Open Enrollment Decisions — A Consumer’s Dilemma (or is it?)
Here we are in mid-November, having just elected Donald J. Trump as president of the United States. As we have seen in President-elect Trump’s early days is that there will be some attempt at changing the Affordable Care Act (a.k.a. Obamacare), but to what extent? This looming question will make a tremendous impact on millions of Americans across the country, but most likely not for the current open enrollment period (phew!)
Open enrollment? What does this even mean? Well let’s dive into some of the basics. Open enrollment is a specific time frame that allows employees (if you work for a company who offers health insurance/benefits) or individuals (via the health insurance exchanges largely created by Obamacare) to make changes to their current insurance/benefits election. Typically, once a selection has been made, it will become effective for the next plan year (the time period in which you are insured or covered). You won’t be able to make changes to your election unless a qualifying event takes place. Basically, you need to look at the next 12 months and ask yourself “how much insurance coverage will I need?” This depends on each person’s individual and family circumstance. There are a lot of options out there from an HMO to a PPO to a HDHP. At times, it feels like alphabet soup!
- HMO — Health Maintenance Organization. This is a type of plan where you have to go to your Primary Care Physician (PCP — I know, another acronym!) and based on their diagnosis, will refer you to a specialist who is in-network. For example, Jane gets sick and goes to her PCP. Her PCP then determines that Jane has an irregular heartbeat. Jane’s PCP then refers her to a heart specialist. Why do you have to see your PCP first? It helps reduce unnecessary trips to more expensive services (doctors/clinics) if it is unwarranted. You can imagine that Jane felt sick and went directly to the heart specialist, but there all Jane had was a cold or high blood pressure. Those are things that her PCP could diagnose and treat appropriately.
- PPO — Preferred Provider Organization. This is a type of plan where a group of healthcare providers (doctors, hospitals, etc.) come to an agreement with an insurer to provide various health care services at reduced, negotiated rates to all of its members. Taking Jane from the example above, she is not required to see her PCP, however she has to go to a specialist in her PPO network in order for her insurance to cover her at the reduced/negotiated rate. While PPOs tend to have slightly higher monthly premiums than HMOs, they also tend to provide more flexibility.
- HDHP — High Deductible Health Plan. This is a type of plan where you are signing up for paying for all medical expenses out of pocket until you hit your plan deductible. The vast majority of HDHPs can either be a PPO or HMO. In order for your plan to be considered “High Deductible”, the minimum deductible of an individual must be $1,300 and for a family it must by $2,600. At the surface, this option doesn’t seem attractive to many people and truth be told it may never be attractive based on your situation. However, one of the great benefits with having an HDHP is the ability to couple it with a Health Savings Account (commonly known as the HSA). The HSA is an incredibly powerful benefit that allows you to set aside pre-tax money to pay for qualified medical expenses today or in the future. Though HDHPs have high deductibles putting the burden on individuals, they also have much lower monthly premiums when compared to a traditional PPO or HMO. Health Savings Account — you can contribute pre-tax money, invest that money in a variety of options and allow it to grow, and withdraw that money at any point and with no penalty so long as it is used for qualified medical expenses. A list of qualified medical expenses can be found here. The true savings for you will depend on what income tax bracket you fall into, but it is one of the most powerful savings vehicles across any industry (and that includes 401k, 529a, etc.). Additionally, the HSA belongs to you, not your employer. That means you have the freedom to sign up with any HSA provider and those funds are 100% yours. And employers can contribute to your HSA in the same way they do to your 401(k).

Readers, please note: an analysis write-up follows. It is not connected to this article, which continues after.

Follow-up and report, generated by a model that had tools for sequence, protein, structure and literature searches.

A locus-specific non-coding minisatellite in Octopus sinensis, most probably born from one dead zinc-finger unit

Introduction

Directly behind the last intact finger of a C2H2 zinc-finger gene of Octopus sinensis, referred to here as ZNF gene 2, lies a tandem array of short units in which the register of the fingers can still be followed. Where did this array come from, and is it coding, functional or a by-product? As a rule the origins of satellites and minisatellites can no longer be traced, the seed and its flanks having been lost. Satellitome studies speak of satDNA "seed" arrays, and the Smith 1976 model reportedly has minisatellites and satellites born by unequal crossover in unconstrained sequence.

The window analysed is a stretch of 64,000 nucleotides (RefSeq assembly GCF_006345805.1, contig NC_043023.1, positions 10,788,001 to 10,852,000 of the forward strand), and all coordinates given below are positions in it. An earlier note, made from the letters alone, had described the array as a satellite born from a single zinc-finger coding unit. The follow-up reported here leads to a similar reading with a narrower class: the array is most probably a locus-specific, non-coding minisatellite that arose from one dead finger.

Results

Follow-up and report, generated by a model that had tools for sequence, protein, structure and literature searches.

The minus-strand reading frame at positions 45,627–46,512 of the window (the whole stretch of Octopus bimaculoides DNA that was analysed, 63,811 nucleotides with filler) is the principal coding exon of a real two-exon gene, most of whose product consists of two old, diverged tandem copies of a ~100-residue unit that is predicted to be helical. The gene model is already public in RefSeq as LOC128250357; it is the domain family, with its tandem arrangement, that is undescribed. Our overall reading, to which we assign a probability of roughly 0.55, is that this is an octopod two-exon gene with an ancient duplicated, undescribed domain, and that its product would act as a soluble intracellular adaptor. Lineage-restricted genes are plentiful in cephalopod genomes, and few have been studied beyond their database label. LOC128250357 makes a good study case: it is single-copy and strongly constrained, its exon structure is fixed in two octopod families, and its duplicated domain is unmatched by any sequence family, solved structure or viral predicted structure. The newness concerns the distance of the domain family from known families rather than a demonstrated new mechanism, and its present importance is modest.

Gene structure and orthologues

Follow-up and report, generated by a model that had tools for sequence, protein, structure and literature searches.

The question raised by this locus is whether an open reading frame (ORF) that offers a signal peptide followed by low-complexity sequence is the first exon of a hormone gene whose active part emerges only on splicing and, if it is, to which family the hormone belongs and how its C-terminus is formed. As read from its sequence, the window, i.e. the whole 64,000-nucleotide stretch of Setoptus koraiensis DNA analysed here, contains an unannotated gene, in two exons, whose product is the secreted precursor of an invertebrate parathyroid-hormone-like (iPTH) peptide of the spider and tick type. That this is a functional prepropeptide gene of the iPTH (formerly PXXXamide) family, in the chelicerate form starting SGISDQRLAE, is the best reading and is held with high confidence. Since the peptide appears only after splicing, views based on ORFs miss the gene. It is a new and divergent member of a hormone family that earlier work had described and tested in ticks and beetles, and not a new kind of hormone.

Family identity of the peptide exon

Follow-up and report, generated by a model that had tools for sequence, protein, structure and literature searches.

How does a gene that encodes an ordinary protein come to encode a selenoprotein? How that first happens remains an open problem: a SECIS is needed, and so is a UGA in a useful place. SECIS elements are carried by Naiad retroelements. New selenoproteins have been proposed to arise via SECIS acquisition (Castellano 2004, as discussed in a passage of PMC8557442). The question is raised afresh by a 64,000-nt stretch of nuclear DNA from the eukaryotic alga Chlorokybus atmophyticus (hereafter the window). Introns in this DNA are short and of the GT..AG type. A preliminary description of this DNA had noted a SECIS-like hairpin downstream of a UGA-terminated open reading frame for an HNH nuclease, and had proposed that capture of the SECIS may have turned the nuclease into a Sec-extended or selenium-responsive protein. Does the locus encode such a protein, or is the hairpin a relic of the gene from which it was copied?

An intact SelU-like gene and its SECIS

Take a deep breath and don’t get overwhelmed. Break down your options in a logical way. Take into consideration the following items so that you can make the most informed decision possible:
- How often do I/my family plan to go to the doctor?
- Am I/are we relatively healthy?
- How important is having health insurance in my/our daily life?
- Do I/we want to save for the future (i.e., build a nest egg of future healthcare expenses)?
- Are there doctors that I/we want to continue to see?
- Do I/we have any medical history that are likely to cause issues in the future?
- What would I/we do in a worst-case emergency situation? How likely is something like this to occur?
- How old am I/are we?
- How much medication (prescriptions) will I/we need to take this coming year?
These are a handful of questions you should ask yourself when making a health insurance purchase decision. It isn’t easy, but with the right amount of planning, you should, at a minimum, be able to assess your situation and make the best informed decision with the information you have at hand. You can rest assured that if you end up picking something that didn’t work for you this time around, you will have an opportunity to make a change this time next year.